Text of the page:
Investment advisor on student debt: 'Act now'
Published: Friday, April 6, 2012
Updated: Monday, August 27, 2012 16:08
The average student debt in the nation recently topped $25,000 per graduate, up 25 percent in the last 10 years, increasing fears that debt from student loans could be the next economic hurdle on the horizon.
With students graduating into a job market that is only recovering at a sluggish pace, much of the financial burden from student loans is shouldered by parents, many of whom are baby-boomers about to enter retirement. In a new report by the Federal Reserve Bank in New York, American ages 60 and older still owe nearly $36 billion in student loans.
“This could very well be the very next debt bomb for the U.S. economy,” said William Brewer, president of the National Association of Consumer Bankruptcy Attorneys.
Federal loans typically have lower interest rates which is the reason why nearly 80 percent of loans issued are by the government.
Lauren Kelly, a senior expecting to graduate this spring, is borrowing federal loans to attend DePaul.
“My parents help manage and pay off some of my student loans, but a lot of it will become my responsibility,” said Kelly.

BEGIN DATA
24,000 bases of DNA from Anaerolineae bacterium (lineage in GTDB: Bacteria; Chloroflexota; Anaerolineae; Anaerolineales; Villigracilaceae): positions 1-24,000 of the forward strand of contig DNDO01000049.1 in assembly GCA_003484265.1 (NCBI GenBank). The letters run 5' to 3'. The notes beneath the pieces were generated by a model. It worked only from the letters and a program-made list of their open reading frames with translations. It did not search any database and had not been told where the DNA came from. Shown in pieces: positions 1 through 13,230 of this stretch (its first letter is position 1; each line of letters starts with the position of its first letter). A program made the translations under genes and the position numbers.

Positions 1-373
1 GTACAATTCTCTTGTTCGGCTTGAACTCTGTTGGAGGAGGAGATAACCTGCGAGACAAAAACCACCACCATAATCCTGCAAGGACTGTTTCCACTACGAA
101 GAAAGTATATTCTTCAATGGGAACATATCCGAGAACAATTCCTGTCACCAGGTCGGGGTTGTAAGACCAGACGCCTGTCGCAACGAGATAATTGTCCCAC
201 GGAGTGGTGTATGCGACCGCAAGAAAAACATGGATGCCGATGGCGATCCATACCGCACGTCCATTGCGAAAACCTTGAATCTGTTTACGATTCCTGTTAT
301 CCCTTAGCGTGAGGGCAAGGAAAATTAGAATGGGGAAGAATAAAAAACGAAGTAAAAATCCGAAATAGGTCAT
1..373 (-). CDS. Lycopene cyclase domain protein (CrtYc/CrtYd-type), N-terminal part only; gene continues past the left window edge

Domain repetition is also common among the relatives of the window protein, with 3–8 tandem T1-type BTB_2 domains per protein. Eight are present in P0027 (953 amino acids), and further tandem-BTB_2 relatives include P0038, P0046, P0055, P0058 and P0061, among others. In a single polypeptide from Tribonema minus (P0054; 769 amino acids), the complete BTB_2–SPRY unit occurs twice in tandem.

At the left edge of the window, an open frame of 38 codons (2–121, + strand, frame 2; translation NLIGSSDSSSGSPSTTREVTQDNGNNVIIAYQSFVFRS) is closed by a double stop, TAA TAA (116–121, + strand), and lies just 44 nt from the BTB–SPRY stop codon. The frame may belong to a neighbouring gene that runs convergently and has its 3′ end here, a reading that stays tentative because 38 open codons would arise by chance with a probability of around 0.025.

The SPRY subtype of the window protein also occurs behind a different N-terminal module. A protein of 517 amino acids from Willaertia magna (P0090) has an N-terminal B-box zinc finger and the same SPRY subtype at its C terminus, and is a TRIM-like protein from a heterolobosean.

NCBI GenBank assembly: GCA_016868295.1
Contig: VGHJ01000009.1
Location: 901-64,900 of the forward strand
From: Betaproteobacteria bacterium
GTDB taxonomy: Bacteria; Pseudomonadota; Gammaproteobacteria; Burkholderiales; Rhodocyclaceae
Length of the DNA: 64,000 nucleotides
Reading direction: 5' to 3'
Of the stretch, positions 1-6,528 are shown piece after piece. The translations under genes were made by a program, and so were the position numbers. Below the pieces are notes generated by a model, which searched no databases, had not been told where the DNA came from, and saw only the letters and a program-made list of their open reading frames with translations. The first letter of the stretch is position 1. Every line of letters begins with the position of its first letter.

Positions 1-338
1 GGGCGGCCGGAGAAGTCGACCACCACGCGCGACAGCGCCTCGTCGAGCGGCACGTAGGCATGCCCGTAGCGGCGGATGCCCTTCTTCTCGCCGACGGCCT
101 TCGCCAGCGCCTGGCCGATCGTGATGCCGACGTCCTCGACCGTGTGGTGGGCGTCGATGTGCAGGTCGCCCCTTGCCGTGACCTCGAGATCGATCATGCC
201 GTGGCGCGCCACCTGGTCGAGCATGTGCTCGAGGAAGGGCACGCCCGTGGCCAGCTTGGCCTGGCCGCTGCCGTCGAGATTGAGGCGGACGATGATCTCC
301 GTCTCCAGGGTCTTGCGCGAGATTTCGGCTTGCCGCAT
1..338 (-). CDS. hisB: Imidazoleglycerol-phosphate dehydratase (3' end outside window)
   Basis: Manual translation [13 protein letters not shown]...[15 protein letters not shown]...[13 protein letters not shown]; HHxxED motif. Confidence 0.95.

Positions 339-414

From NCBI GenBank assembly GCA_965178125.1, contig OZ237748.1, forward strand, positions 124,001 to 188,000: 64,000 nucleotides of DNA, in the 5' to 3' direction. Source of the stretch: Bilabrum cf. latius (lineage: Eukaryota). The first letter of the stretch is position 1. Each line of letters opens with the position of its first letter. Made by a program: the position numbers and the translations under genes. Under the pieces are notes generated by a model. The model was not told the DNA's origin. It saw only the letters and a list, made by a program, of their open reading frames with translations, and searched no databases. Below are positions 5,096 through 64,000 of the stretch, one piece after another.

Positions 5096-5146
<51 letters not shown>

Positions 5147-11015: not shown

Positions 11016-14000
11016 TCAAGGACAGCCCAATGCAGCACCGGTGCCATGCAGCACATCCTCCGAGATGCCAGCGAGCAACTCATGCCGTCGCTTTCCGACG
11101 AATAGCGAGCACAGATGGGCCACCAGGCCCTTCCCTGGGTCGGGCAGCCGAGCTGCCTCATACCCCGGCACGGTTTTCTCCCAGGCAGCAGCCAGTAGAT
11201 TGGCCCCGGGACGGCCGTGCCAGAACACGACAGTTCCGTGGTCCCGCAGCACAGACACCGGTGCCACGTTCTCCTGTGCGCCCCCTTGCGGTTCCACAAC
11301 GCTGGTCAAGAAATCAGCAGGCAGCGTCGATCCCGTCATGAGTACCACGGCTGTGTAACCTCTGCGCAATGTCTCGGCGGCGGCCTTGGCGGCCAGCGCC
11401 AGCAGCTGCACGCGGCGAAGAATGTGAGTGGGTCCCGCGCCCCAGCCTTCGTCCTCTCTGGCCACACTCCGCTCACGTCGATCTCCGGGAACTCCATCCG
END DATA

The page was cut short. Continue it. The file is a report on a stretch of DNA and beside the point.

Kelly said that her parents, who are also assisting her brother through school, feel that higher education is important but is too expensive to take on by herself.
Terry Savage, a financial columnist with the Chicago Sun-Times and certified investment adviser said students loans are not always a good deal.
“Universities like loans because it fills up the classrooms,” said Savage. “Students like them because they don’t need to think about tomorrow. Well, tomorrow is now.”
Savage pointed out that when student loans are not paid by the borrowers, the government has the power to garnish the borrower’s wages, and seize tax refunds, social security and other federal benefits. Outstanding debt can limit the borrower’s ability to make long-term purchases such as a house or qualifying for a mortgage.
“The hardest step for students is to face up to it,” said Savage. “Don’t be discouraged, but don’t ignore it.”
In a recent column,
Savage recognized that student loan payments can be daunting and confusing, since many students borrow from more than one loan service. However, she introduced some useful tools that can simplify the payment process and provide a roadmap for making payments.
PayBackSmarter.com is a free service which allows borrowers to total up their student loans and offers various repayment plans that will show the monthly cost and when it will be paid off.
The point is for borrowers to look at all their options in one place. Options include loan consolidations and reduced payments depending on the borrower’s situation. The website also shares advice on the best alternatives to standard payment plans.
“They have an obligation to help you,” said Savage. “You can’t do it alone.”
She said the best advice is to “act now” and come up with a plan to pay off loans. She urges students to take advantage of resources at their schools while you’re still a student.
“One day it will have been worthwhile,” Savage said, addressing students taking on debt. “You will have good, paying jobs in the long run.”